Jun 23

This Gun’s for Hire

I’m sad. In fact, I’m depressed. Truth be told, I’m downright despondent. No one, not one single
HiredGun_01 manufacturing company has ever sent me a free product sample in the hopes that I’d write a glowing review.

I don’t deal well with rejection. I tend to internalize things, cut myself, contemplate ending it all in some dramatic way. So, when I read that pay-for-play is a big, and growing, trend in blogging, I curl up in the fetal position for a whole weekend.

All I need is some sign. Some indication that an Apple or a Panasonic or a Coach knows I’m not only alive but ready, willing and quite able to blatantly hype their product. I’ll shill. Just show me some love.

And, here’s another benefit. I won’t tell anyone you’ve given me your product either. There will be none of that transparency nonsense with this blogger. In fact, I’ll follow the lead of Louise Crawford, who created an annual blogging event she calls  ‘Only the Blog Knows Brooklyn’ (say, what?). 

Crawford was recently called on the carpet by the blogging community for accepting Absolut Vodka’s offer to sponsor her contest. Absolut even created a special drink for the festival called the Brooklyn Spike (named in honor of Spike Lee, another event sponsor). BTW, if it’s a festival for bloggers, how come I wasn’t invited? Looks like another weekend spent in the fetal position. And, check this out, Absolut offered participating bloggers free gifts, including a bottle of Brooklyn Spike and a small digital camera in exchange for coverage. In all, nine bloggers accepted the vodka and eight got cameras. Me? I didn’t even get a dirty shot glass.

Critics of such blatant pay-for-play dubbed Ms. Crawford’s festival a ‘ShillFest.’ Others felt it exposed the sleazy underbelly of blogging. It turns out many bloggers never, ever reveal the largesse driving their content (note: even the legendary TechCrunch was recently nailed when a writer accepted a MacBook computer in exchange for covering a start-up company. That seems like a pretty good deal to me). As the Brooklyn controversy took hold (much as a second shot of vodka starts to take hold and dull one’s senses) some of the pay-for-play bloggers began admitting they’d received gifts from Absolut. But, good ol’ Ms. Crawford didn’t see what all the fuss was about. “I thought of my post as a piece of writing,” she whined, “and they sent me a bottle of vodka.” Good for you, Ms. Crawford. And, I’ll bet the vodka made your writing that much more creative.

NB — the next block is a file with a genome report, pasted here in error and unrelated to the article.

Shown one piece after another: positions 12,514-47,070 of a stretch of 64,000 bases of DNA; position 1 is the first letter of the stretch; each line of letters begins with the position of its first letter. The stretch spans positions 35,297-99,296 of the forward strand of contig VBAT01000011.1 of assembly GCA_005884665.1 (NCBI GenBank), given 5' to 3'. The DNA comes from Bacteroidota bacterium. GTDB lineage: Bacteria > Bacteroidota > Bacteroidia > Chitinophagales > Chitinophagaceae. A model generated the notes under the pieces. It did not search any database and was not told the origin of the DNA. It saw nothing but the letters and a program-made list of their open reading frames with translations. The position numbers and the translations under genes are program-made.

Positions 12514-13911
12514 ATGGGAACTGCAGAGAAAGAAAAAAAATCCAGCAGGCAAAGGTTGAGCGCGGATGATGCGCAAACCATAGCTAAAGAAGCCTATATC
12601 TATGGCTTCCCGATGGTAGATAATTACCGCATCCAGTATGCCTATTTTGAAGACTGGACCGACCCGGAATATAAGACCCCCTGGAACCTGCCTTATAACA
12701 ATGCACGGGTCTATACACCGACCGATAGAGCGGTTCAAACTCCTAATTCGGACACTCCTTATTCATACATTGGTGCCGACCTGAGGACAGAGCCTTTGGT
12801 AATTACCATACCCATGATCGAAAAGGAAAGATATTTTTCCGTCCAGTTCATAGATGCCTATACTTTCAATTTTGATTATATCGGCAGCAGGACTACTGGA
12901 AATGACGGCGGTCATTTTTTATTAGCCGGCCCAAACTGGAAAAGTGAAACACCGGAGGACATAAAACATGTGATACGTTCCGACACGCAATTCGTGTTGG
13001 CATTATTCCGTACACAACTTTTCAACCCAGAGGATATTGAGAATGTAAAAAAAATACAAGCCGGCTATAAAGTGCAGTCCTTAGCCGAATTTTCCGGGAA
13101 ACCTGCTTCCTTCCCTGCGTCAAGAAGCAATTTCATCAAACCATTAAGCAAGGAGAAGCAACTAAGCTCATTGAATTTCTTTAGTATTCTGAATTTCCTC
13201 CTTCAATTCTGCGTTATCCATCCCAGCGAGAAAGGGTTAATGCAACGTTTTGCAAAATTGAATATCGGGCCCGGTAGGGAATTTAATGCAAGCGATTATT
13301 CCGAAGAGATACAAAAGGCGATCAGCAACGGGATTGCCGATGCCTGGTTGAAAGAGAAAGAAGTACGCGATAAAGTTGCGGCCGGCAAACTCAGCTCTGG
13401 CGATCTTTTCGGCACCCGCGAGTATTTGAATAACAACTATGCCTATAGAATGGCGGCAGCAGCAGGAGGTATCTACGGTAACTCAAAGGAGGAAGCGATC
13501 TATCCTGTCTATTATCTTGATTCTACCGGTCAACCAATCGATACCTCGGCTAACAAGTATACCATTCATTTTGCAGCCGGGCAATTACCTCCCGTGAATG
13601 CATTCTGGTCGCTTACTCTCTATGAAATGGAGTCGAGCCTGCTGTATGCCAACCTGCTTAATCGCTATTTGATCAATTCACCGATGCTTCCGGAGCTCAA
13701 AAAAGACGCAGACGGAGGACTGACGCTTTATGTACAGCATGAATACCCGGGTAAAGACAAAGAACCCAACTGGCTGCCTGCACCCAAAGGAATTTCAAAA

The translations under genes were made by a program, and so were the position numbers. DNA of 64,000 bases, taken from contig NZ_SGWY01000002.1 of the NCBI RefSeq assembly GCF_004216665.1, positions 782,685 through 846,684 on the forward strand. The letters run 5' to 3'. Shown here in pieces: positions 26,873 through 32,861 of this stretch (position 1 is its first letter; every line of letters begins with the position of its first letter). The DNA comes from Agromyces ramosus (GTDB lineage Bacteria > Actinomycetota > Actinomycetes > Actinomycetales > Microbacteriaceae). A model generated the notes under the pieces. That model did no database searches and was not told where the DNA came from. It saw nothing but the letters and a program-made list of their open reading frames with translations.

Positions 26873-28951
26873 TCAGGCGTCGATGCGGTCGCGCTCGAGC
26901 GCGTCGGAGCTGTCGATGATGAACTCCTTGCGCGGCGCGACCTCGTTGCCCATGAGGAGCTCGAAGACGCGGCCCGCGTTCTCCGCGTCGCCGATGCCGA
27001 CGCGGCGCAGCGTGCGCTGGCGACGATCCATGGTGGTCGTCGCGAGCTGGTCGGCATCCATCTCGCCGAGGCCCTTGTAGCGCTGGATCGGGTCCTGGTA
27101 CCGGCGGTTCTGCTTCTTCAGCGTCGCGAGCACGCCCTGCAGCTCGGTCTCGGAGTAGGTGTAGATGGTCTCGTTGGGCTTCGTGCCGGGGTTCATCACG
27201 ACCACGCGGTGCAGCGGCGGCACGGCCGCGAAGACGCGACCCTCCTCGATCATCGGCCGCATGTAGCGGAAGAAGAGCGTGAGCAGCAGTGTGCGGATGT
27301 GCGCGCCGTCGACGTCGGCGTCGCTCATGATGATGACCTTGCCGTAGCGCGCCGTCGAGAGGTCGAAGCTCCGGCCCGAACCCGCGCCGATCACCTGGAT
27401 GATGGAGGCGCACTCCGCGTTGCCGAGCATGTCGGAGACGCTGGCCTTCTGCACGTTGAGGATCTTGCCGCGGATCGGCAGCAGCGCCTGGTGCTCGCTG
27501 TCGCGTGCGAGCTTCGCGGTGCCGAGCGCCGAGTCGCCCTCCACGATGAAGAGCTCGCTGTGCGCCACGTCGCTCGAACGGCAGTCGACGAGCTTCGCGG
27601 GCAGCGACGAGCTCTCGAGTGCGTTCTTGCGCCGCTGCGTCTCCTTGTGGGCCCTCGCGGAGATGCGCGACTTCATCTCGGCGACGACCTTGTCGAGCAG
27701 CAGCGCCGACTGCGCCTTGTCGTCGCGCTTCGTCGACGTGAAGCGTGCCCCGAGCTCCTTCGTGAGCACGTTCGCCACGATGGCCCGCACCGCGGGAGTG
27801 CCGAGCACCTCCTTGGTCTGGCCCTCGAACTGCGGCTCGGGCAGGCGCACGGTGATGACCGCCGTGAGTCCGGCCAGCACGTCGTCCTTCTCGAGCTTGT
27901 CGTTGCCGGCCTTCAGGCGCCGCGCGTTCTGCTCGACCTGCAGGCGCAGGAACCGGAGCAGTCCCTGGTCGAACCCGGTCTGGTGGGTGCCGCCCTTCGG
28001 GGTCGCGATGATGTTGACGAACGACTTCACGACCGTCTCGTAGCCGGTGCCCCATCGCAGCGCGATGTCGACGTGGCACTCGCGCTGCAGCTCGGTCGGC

So, here’s a plaintive plea from a lonely, dejected overlooked blogger who’d positively kill for a cool pair of Ray-Ban sunglasses, a Mammut trekking jacket or a shiny, new Rolex. Send me the freebie and I’ll make it sound like the best thing since sliced bread. Hell, I’ll even write a positive blog if Chevy, or Chevrolet, or whatever the hell they’re now calling the company, sent me one of their clunkers. I can be had, Corporate America. This gun’s for hire.

Mar 02

PepperPrep:  Where you pay to not get paid

March 2 Guest Post by Trish Taylor, Peppercom

At a time when most PR firms are scouring the landscape for new revenue streams and defending its turf, we just came across the perfect windfall  – pay-for-play internships. There are tons of parents out there willing to shell out whatever it takes to keep little Johnny from whining and looking good to the Joneses, so why not pay for your children to work? Hey, whatever it takes to get them out of the house, right?

Parents with heavy pockets are now paying $8K to PR firms, law firms, etc. to hire their lazy, underachieving kids for summer internships. I mean, why bother looking for an internship to get a career when you have that keg tapped in the closet and dad’s nickname is Moneybags? If you’re a parent with money to burn and a kid who soon will have a BS degree, we have a created PepperPrep. Our team is already busy cold calling multimillionaire parents with deadbeat kids as we speak.

The Chicago Tribune article quotes an intern whose dad paid $7K for an internship at a Chicago PR firm I’ve never heard of: "I guess I put off thinking about the summer until March. It was probably me trying to deny that I was going to have to get an internship that summer."

Must be nice. I hate to admit this, but I had nine internships. I didn’t have to pay for one of them though. Although, I did commute into Chicago for a couple that didn’t pay while I bartended and worked at a local grocery store at night. I had five in undergrad between my sophomore and senior years, one during graduate school and then three between grad school and finally landing a full time gig at the ripe old age of 26.

I was the product of being in grad school during Sept 11 so when I came out, no one was hiring. I would get an internship only to watch the company’s first layoffs. But my persistence paid off and it was my dad who I have to thank for that. He was a maintenance guy at many places that closed and moved operations to Mexico before he landed at a bread factory. As soon as he heard the shop was closing up, he made sure to have another job.

He’s never so much as $7K in the bank and I don’t think he’s even bought a vehicle for that. He gave me $20 a week in college to help with groceries if he had it. But I’m sure glad my parents taught me to work.

My advice to students out there now…nothing beats getting your hands dirty and you’ll earn a whole lot more respect over the whispers of, “Did you hear what her daddy bought her? Her job.”